Richard Schneider, Jr., Ph.D. A child of the 1950’s who grew up in suburban New Jersey (the New York part), Schneider went to Williams College and received his BA in history in the mid-70’s. Radicalized in college by the Vietnam War—but always drawn more to anarchism than to Marxism—he founded a lefty political journal called Counterpoint.
While at Williams, Schneider came out as openly gay. He then went off to Harvard as a graduate student in sociology, where he worked in comparative and cultural studies until finally settling on the study of complex organizations as the research area for his dissertation, which was a comparative analysis of eight large management consulting firms, later published under the title Market Design: Client Relations and Organizational Power in the Management Consulting Firm (1988). He completed his doctorate in sociology at Harvard in 1981.
His first teaching job was as an “itinerant scholar” for the University of Maryland’s European Division, where he taught courses in sociology and anthropology for the next five years, living for various stretches in Germany, France, Portugal, Spain, and Greece. After a two-year stint at Alfred University in upstate New York, he returned to Boston to serve as the Director of Research for a Boston-based consulting firm, the Center for Strategy Research, where he remained through most of the 90’s. There he spearheaded the development of a method of computer-aided content analysis for the understanding of qualitative consumer research.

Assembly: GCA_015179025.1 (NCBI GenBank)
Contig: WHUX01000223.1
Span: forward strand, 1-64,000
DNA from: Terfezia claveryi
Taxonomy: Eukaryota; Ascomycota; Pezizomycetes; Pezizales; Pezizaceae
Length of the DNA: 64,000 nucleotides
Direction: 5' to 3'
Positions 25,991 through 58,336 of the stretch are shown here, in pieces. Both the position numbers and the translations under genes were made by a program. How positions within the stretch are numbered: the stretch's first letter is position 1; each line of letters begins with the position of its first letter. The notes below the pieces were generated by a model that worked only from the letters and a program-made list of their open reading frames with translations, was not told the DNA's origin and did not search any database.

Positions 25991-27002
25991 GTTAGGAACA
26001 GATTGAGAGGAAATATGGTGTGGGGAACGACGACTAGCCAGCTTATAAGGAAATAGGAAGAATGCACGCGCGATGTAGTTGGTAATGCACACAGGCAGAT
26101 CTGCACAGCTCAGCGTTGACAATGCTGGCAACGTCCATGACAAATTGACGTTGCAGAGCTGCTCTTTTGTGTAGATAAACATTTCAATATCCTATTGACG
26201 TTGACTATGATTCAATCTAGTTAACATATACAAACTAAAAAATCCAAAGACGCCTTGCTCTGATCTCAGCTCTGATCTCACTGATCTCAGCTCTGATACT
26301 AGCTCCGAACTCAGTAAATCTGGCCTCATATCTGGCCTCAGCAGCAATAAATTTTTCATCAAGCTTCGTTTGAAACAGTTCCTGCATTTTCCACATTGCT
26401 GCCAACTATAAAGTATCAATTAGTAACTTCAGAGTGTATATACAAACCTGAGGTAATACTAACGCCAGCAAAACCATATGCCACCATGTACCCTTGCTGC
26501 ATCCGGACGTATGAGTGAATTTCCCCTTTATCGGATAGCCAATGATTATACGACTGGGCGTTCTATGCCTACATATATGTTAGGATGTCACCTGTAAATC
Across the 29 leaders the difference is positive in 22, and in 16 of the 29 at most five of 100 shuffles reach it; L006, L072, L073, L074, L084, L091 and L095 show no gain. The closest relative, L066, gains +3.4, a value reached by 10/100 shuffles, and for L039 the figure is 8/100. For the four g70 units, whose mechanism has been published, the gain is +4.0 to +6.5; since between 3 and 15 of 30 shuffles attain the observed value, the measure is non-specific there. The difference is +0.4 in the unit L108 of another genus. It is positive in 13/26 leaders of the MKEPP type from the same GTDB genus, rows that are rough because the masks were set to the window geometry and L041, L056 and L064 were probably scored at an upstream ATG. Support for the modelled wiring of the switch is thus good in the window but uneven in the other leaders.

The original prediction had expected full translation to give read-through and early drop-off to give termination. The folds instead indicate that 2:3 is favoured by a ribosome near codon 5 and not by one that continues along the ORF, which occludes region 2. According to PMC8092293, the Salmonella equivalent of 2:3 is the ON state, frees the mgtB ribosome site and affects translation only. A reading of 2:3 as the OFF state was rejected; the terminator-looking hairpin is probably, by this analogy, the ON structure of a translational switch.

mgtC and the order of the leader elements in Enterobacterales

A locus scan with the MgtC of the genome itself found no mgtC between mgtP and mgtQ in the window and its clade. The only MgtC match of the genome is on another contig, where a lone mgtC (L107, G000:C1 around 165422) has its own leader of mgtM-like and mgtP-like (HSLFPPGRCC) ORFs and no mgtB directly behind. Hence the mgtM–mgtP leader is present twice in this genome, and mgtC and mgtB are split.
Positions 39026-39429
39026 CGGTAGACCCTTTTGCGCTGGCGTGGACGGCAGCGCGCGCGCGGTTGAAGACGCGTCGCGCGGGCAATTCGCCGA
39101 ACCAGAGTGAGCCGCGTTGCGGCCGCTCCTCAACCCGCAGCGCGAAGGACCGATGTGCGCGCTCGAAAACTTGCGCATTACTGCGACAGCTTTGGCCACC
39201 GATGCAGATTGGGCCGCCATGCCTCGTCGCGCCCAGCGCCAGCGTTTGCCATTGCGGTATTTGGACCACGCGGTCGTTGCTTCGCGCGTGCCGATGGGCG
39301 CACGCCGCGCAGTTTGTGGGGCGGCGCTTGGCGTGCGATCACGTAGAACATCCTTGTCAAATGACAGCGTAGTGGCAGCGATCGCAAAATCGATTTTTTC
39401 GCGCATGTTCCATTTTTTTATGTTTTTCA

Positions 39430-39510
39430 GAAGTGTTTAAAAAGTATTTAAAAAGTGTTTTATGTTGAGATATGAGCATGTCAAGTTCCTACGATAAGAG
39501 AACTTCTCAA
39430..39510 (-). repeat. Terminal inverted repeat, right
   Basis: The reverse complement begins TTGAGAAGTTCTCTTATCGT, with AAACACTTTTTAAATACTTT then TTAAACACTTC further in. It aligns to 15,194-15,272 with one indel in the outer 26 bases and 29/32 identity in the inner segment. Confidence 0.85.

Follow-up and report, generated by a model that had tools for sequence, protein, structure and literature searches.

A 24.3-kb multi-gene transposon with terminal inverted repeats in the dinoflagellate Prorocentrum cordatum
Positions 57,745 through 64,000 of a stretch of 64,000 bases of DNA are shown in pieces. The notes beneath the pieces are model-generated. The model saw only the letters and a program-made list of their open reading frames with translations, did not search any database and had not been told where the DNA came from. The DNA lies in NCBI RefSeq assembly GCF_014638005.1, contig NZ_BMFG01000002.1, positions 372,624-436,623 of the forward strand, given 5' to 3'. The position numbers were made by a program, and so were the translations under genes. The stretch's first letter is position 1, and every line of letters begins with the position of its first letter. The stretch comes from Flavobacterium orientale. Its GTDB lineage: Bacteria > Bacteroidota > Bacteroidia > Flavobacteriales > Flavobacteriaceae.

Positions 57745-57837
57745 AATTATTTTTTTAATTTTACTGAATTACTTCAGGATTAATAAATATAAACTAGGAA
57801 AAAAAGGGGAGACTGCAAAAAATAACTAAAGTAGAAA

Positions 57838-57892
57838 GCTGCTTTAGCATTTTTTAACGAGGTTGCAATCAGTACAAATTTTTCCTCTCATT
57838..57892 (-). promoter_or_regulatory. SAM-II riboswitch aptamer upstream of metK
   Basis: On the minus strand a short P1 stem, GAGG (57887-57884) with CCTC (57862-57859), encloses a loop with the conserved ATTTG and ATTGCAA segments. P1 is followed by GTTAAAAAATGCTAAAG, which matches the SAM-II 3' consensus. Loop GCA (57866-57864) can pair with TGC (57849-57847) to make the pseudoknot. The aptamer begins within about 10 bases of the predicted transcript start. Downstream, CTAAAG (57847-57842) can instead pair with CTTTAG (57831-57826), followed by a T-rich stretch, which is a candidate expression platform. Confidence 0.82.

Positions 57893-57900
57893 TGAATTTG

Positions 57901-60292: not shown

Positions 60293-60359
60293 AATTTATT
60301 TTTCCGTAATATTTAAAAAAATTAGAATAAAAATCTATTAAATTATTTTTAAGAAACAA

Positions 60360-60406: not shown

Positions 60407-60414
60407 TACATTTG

In 1994, Schneider founded The Harvard Gay & Lesbian Review, so named because it was first published by the Harvard Gay & Lesbian Caucus, an alumni/ae organization, for distribution to its members. By the second or third issue, however, the quarterly journal was developing a broader readership and was soon recognized as an important national journal of GLBT ideas and opinion. In 2000 the journal’s name was changed to The Gay & Lesbian Review / Worldwide, and in the following year it began publishing bimonthly with a circulation of about 12,000 as of 2008, two-thirds of whom are regular subscribers. The G&LR has been widely regarded as the leading GLBT cultural and intellectual journal in the U.S. Schneider remains its editor and president and foresees continuing growth. In 1999, he met his partner, Stephen Hemrick, with whom he lives in Boston and Provincetown.
See The Gay and Lesbian Review Worldwide's website at http://www.glreview.com.
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